Traipsing along the breezy South Bank at dusk, you’d be hard pressed to find a better view of the city than under the London Eye. That is until you enter Lyaness at the Sea Containers. The floor-to-ceiling glass windows provide uninterrupted views of St Paul’s and beyond, enhanced by the cosy lighting and minimal decorations which work to draw your eye outwards.

Behind the warm glow of the green marble bar, rows of spirits beam at you from across the room, protected by crafty mixologists and cheerful servers. While the plush blue velvet sofas, radiant gold mirror, and supple leather stools indicate that no detail has been missed, the place feels fairly unassuming at first glance. You are greeted by young staff in boxy white t-shirts and aprons, with a mellow instrumental soundtrack in the background to put you at ease.

Though the range of outlandish ingredients and unusual concoctions may seem intimidating at first, the bar’s approach to cocktails will have you feeling like an expert in no time. If you are looking for something that no other venue can emulate, you’ve come to the right place. Where else in London can you drink pig’s blood and genuinely enjoy every second of it?

Lyaness was created by “The World’s Most Awarded Bartender” Ryan Chetiyawardana, AKA Mr Lyan, after the closure of its predecessor, Dandelyan. The aim of this new project was to try something innovative and challenging in a city that is always looking for something fresh to sink its teeth into. This venture paid off, as Lyaness has been included in the ranking of The World’s 50 Best Bars – and rightfully so.

Lyaness aims to use global approaches to flavour through a British lens, encouraging new perceptions of ingredients which we might initially be inclined to reject. Launched in November, the aptly named British Cookbook menu focuses on perfecting ingredients rather than the drinks themselves, ensuring that each of the 15 cocktails on offer are totally distinctive.


What to drink?

With five core ingredients and three cocktail expressions on offer, there is something for every palate. The menu is comprised of Oyster Honey, Blood Curaçao, Green Sauce Liqueur, Malt & Grass Amazake, and Fruit Furikake – all flavours you are assured you won’t find anywhere else.

By now, you’re desperate to know if the pig’s blood comment was serious or not. Not only was it completely serious, the drink is also one of the tastiest things on the menu. Team Lyaness explain that pig’s blood is an often wasted consequence of animal rearing, but that it can be transformed into something sweet and rich while eliminating waste.

The curaçao itself has a warm, woody, and autumnal flavour which works perfectly in the bittersweet Plum America-no (Lillet Blanc, Blood Curaçao, Empirical Plum, burnt shoyu, Sipello, soda), complimented by its floral aftertaste. This drink is ideal for those who like both depth and freshness and are brave enough to dip their toe (or rather tongue) into the world of bloodied cocktails.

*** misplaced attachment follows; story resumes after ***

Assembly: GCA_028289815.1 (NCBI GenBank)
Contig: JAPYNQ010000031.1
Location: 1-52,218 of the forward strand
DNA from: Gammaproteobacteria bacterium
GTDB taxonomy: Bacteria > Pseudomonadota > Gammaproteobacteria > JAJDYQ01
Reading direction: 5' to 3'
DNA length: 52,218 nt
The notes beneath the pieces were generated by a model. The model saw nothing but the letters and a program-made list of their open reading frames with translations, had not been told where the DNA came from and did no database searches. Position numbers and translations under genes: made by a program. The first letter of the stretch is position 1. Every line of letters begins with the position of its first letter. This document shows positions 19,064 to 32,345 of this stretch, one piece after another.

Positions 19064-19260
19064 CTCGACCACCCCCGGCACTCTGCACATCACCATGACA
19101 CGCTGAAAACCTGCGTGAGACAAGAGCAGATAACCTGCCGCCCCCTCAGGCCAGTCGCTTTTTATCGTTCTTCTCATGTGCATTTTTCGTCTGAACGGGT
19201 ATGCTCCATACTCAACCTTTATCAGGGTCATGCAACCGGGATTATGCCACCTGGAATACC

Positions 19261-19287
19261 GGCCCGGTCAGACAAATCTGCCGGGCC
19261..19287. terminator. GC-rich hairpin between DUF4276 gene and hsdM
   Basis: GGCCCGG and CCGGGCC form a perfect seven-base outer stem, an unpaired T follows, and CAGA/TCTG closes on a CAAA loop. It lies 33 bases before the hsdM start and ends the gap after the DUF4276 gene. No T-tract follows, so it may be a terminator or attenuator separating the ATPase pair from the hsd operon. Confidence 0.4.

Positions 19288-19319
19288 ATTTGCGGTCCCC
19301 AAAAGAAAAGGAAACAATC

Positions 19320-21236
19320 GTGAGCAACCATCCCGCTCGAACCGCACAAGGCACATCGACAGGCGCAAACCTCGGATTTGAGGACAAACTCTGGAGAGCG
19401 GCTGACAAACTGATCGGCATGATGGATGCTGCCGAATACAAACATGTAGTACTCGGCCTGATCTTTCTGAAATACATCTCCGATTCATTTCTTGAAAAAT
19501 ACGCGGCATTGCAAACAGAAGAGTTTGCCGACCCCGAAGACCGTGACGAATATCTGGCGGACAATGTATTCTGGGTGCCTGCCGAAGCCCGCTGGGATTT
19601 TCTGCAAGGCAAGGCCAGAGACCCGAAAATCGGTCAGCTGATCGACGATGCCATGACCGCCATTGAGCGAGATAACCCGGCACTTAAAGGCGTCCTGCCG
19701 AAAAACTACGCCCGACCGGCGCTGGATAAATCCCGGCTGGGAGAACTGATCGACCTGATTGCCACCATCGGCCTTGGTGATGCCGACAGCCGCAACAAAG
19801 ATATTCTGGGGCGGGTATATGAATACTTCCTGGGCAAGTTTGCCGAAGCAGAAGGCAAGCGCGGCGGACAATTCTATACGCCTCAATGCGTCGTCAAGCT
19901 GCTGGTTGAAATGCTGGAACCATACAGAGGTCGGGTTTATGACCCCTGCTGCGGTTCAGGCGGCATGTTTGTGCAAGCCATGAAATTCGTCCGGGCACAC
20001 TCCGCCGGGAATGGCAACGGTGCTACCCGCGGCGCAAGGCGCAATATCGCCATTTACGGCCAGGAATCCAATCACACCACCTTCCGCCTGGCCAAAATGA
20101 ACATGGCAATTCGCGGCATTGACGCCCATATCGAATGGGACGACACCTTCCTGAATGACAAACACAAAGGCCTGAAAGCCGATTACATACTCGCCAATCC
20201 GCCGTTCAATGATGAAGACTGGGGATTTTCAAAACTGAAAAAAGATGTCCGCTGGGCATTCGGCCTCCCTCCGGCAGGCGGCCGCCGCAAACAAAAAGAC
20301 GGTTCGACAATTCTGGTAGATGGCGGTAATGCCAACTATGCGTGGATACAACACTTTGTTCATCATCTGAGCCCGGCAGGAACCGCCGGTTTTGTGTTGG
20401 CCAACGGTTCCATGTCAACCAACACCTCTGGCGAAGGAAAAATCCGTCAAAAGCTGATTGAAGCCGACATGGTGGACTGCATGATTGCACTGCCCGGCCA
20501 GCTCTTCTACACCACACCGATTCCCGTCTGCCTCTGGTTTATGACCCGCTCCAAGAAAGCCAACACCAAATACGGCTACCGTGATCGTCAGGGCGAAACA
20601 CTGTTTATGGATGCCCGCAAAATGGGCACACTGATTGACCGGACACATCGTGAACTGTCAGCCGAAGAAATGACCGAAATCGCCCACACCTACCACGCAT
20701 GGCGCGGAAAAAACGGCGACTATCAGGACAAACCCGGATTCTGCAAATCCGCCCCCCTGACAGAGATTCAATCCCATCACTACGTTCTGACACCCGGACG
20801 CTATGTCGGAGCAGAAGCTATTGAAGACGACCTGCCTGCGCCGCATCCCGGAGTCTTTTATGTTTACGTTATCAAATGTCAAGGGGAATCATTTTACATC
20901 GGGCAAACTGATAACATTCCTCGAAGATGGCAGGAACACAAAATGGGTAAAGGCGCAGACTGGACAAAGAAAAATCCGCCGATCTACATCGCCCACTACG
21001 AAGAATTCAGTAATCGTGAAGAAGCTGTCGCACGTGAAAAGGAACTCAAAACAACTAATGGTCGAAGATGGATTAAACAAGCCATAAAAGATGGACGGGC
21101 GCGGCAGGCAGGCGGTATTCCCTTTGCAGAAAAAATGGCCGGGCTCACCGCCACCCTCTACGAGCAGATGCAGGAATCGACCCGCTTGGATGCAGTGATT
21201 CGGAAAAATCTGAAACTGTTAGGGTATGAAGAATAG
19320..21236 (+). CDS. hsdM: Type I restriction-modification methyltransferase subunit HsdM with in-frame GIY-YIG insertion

If you have more of a sweet tooth, you can’t miss the Marigold Gimlet, which comes topped off with a brioche spray that cuts through the tongue-tinglingly sweet oyster honey, white verjus, apple blossom, and Bacardi Ocho base. For something more classic, the Duff Town Manhattan (Glenfiddich 15, Fruit Furikake, green peppercorn vermouth, koseret bitters) emulates your typical whiskey coke, except infinitely better and accompanied by the most flavourful peppercorn olive you will ever eat, bringing out the salinity of the Furikake.

If you like something fizzy and light then the sherbety and zesty Green Rayu Punch (Toki whisky, Green Sauce Liqueur, masa, cashew milk rayu, bubbles) is for you. To sample the creamy, oaty Malt & Grass Amazake in action, the (Im)Perfect Martini (Discarded Grape Skin Vodka, Grass Amazake, Fierfield 'Birch', over-ripe 'nectarine') is your best bet.


Despite tough competition, the standout was the 21st Daisy. Frothy and smooth, it almost felt like I was drinking perfectly iced water. Comprised of Grey Goose, Green Sauce Liqueur, white cacao, passion fruit, and crystalised verbena, this subtle fruity and herby blend will suit absolutely anyone’s taste.

If you’re still not sure what tickles your fancy, you can sample each ingredient for £2 (the best way to truly understand the distinctiveness of each flavour) or refer to the bar’s handy comparative taste guide in the back of each menu. Equally, all the staff have excellent knowledge of the menu and won’t hesitate to point you towards their favourites.


What to eat?

Lyaness is a cocktail bar very much focused on its cocktails, although a few food options are available. If you leave without tasting the seabass and bream tacos, you have had a wasted trip. Recommended by staff, it is clear why this dish is a standout despite only being a few mouthfuls.

There are several small plates and sharer flatbreads ideal for groups but which probably won’t keep you full all night. For something small to compliment your drinks, you can’t go wrong with the olives.

Will it bankrupt me?

Drinks range from £7.50-£15 and are all worth every penny. Don’t try and do it on a budget – there is so much to sample that you would regret missing. For the best experience you’ll want to trial a drink from each core ingredient.

Food ranges from £3 for bar bites to £17 for sharers, so won’t do much damage when split between a group.

Anything else to note?

The bar runs an event called Sunday Lyan, in collaboration with Fever Tree, where the team create one-off cocktails for that night only, accompanied by hip-hop music. Book tickets by emailing

If you prefer something more low-key, their boozy afternoon Spirited Tea offers twists on classic English treats and is available on Fridays, Saturdays, and Sundays, but must be pre-booked.

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Sea Containers London, 20 Upper Ground, London SE1 9PD; Lyaness